Planning radiotherapy

The radiotherapy team plans your radiotherapy before you start treatment. This means working out the dose of radiotherapy you need and exactly where you need it. Your planning appointment takes from 15 minutes to 2 hours.

For a brain tumour, you usually have a planning CT scan and a mask to keep your head still. 

The planning CT scan

You usually have a planning CT scan in the radiotherapy department. The scan shows the cancer and the area around it. You might have other types of scans to help your treatment team plan your radiotherapy. The plan they create is just for you.

Photo of a CT scanner

Your radiographers (sometimes called radiotherapists) tell you what is going to happen. They help you into position on the scan couch. You might have a type of firm cushion called a vacbag to help you keep still.

The CT scanner couch is the same type of bed that you lie on for your treatment sessions. You need to lie very still. Tell your radiographers if you aren't comfortable.

Injection of dye

You might need an injection of contrast into a vein in your hand. This is a dye that helps body tissues show up more clearly on the scan.

Before you have the contrast, your radiographer asks you about any medical conditions or allergies. Some people are allergic to the contrast.

Having the scan

Once you are in position your radiographers move the couch up and through the scanner. They then leave the room and the scan starts.

The scan takes about 5 minutes. You won't feel anything. Your radiographers can see and hear you from the CT control area where they operate the scanner. 

Keeping your head still

You need to keep your head still during radiotherapy. This is called immobilisation. You might have one of the following:

  • mask or mould
  • head frame 

Radiotherapy mask (mould)

A radiotherapy mask is also called a shell. It keeps your head still each time you have your radiotherapy. So your treatment is as accurate as possible.

You can see through most types of masks, as they usually have lots of small holes. The radiographers might make marks on them. They use the marks to accurately line up the radiotherapy machine for each treatment. 

You might have the mask made in the mould room of the radiotherapy department or during your CT planning session. It takes between 10 to 45 minutes depending on the type of mask.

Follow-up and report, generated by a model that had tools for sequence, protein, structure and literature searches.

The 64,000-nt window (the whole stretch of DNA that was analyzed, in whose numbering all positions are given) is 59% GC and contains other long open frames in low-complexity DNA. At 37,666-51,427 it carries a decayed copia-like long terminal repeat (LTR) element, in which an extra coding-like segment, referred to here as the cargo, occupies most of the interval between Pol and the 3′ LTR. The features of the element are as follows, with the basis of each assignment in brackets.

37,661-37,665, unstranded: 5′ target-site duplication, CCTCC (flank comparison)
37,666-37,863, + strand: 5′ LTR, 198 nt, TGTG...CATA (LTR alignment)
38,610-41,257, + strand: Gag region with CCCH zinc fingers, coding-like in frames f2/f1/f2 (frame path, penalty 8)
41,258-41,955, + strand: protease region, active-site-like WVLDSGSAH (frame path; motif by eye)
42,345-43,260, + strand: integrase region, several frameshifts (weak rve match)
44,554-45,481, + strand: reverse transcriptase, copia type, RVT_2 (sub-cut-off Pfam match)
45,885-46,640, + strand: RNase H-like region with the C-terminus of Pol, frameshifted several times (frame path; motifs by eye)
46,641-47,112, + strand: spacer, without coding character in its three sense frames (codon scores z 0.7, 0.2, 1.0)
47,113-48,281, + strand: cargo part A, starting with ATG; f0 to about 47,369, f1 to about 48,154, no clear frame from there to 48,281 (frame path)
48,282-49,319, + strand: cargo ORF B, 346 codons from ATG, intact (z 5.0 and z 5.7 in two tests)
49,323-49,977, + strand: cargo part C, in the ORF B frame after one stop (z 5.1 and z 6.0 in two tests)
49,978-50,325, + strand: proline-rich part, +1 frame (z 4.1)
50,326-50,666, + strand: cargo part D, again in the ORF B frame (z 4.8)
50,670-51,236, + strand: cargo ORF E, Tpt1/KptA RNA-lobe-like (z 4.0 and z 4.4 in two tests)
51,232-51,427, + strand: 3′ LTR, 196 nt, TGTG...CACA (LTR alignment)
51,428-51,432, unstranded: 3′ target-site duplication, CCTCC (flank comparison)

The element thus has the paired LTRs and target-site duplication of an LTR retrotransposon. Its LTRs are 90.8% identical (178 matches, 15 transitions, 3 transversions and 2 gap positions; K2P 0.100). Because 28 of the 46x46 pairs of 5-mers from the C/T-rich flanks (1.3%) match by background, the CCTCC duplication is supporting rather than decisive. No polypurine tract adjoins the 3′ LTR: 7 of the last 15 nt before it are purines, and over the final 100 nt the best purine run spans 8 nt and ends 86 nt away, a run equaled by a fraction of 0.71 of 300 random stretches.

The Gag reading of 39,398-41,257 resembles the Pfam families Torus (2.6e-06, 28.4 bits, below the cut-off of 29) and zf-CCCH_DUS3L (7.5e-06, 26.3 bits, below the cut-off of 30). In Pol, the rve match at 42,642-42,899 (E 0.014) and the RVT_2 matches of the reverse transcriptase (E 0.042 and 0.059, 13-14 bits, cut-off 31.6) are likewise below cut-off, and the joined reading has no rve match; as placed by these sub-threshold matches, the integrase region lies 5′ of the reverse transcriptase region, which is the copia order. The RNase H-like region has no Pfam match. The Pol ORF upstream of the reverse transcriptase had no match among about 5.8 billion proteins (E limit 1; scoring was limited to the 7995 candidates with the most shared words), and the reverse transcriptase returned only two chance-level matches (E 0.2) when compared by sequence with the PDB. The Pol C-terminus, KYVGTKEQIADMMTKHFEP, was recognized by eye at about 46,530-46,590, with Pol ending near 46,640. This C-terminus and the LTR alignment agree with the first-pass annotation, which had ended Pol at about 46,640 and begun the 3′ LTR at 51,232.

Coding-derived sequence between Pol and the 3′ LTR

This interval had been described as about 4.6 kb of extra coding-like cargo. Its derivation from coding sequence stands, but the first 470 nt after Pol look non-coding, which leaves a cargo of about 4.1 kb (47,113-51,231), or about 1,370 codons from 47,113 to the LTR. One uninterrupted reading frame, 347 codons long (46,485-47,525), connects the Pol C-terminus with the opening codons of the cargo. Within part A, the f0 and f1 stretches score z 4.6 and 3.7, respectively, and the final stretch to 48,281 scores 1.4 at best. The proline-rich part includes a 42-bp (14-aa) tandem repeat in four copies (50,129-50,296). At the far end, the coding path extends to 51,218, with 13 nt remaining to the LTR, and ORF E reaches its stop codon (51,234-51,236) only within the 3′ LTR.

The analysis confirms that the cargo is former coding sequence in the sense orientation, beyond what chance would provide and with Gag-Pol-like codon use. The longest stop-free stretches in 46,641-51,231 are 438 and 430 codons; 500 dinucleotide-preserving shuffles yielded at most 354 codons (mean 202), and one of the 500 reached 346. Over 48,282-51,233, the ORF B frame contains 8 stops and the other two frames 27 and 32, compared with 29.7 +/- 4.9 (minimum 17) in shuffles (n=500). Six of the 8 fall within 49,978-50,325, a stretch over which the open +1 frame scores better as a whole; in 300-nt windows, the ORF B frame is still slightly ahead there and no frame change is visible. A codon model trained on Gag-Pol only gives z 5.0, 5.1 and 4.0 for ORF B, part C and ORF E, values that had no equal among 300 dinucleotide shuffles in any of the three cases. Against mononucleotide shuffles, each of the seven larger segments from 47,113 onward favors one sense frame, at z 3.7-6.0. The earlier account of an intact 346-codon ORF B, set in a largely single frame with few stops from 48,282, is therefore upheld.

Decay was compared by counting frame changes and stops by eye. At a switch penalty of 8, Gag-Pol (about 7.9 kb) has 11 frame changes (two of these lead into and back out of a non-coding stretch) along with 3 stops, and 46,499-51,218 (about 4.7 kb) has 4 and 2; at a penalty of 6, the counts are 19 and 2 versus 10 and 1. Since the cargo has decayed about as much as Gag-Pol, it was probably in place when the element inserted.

Before making the mask

The mask is normally made directly against your skin. It's helpful to wear clothing that you can easily take off from around your neck. You also need to take off any jewellery from that area.

Having a lot of facial hair can make it difficult to make a head mask. The radiotherapy staff will tell you about any hair issues at your planning session.

Making the mask

A mould technician or radiographer uses a special kind of plastic that they heat in warm water. This makes it soft and pliable. They put the plastic on to your face so that it moulds exactly. It feels a little like a warm flannel and is a mesh with holes in so you can breathe.

After a few minutes the mesh gets hard. The technician takes the mask off and it is ready to use.

The mask is kept in the radiotherapy department and you wear it for each treatment. Or you might have a mask made for a single treatment. 

The video below shows what happens when you have your mesh mask made. The video is about 1 and a half minutes long.

Head frame

You might have a head frame fitted if you are going to have treatment from a GammaKnife machine. You usually have the frame fitted on the same day of your radiotherapy treatment. 

The head frame is attached to your skull using 4 pins. Before it is attached, you have 4 injections of local anaesthetic at the points where the frame attaches to your head. This takes about 10 minutes. The head frame is then fixed into the radiotherapy machine while you are lying on the treatment couch. 

As the frame is fitted, you feel some pressure and tightness, but it usually feels better within a few minutes. You then have your radiotherapy treatment on the same day. 

Having radiosurgery treatment
Photograph showing woman having radiosurgery treatment

You usually have a head frame fitted for a single treatment or a small number of treatments. If you are going to have a number of treatments, you have the frame fitted and removed each time.

After your planning session

You might have to wait a few days or up to 3 weeks before you start treatment.

During this time the physicists and your radiographer doctor (clinical oncologist) decide the final details of your radiotherapy plan. They make sure that the area of the cancer will receive a high dose and nearby areas receive a low dose. This reduces the side effects you might get during and after treatment. 

Before you start your radiotherapy

You usually have your radiotherapy as an outpatient. This means that you go to hospital every day, but you don't stay overnight. These visits can disrupt your day. So it’s worth sorting out a few things before you start treatment. These might include:

  • work
  • care for children or other loved ones
  • care for your pets
Last reviewed: 
06 Aug 2019
  • Cancer Principles and Practice of Oncology (10th edition)
    VT Devita, TS Lawrence and SA Rosenberg
    Wolters Kluwer Health, 2015

  • External Beam Therapy (2nd edition) 
    Peter Hoskin
    Oxford University Press, 2012

  • Stereotactic Radiosurgery and Stereotactic Body Radiation Therapy (SBRT)
    D Heron, M Huq and J Herman
    Springer Publishing, 2019

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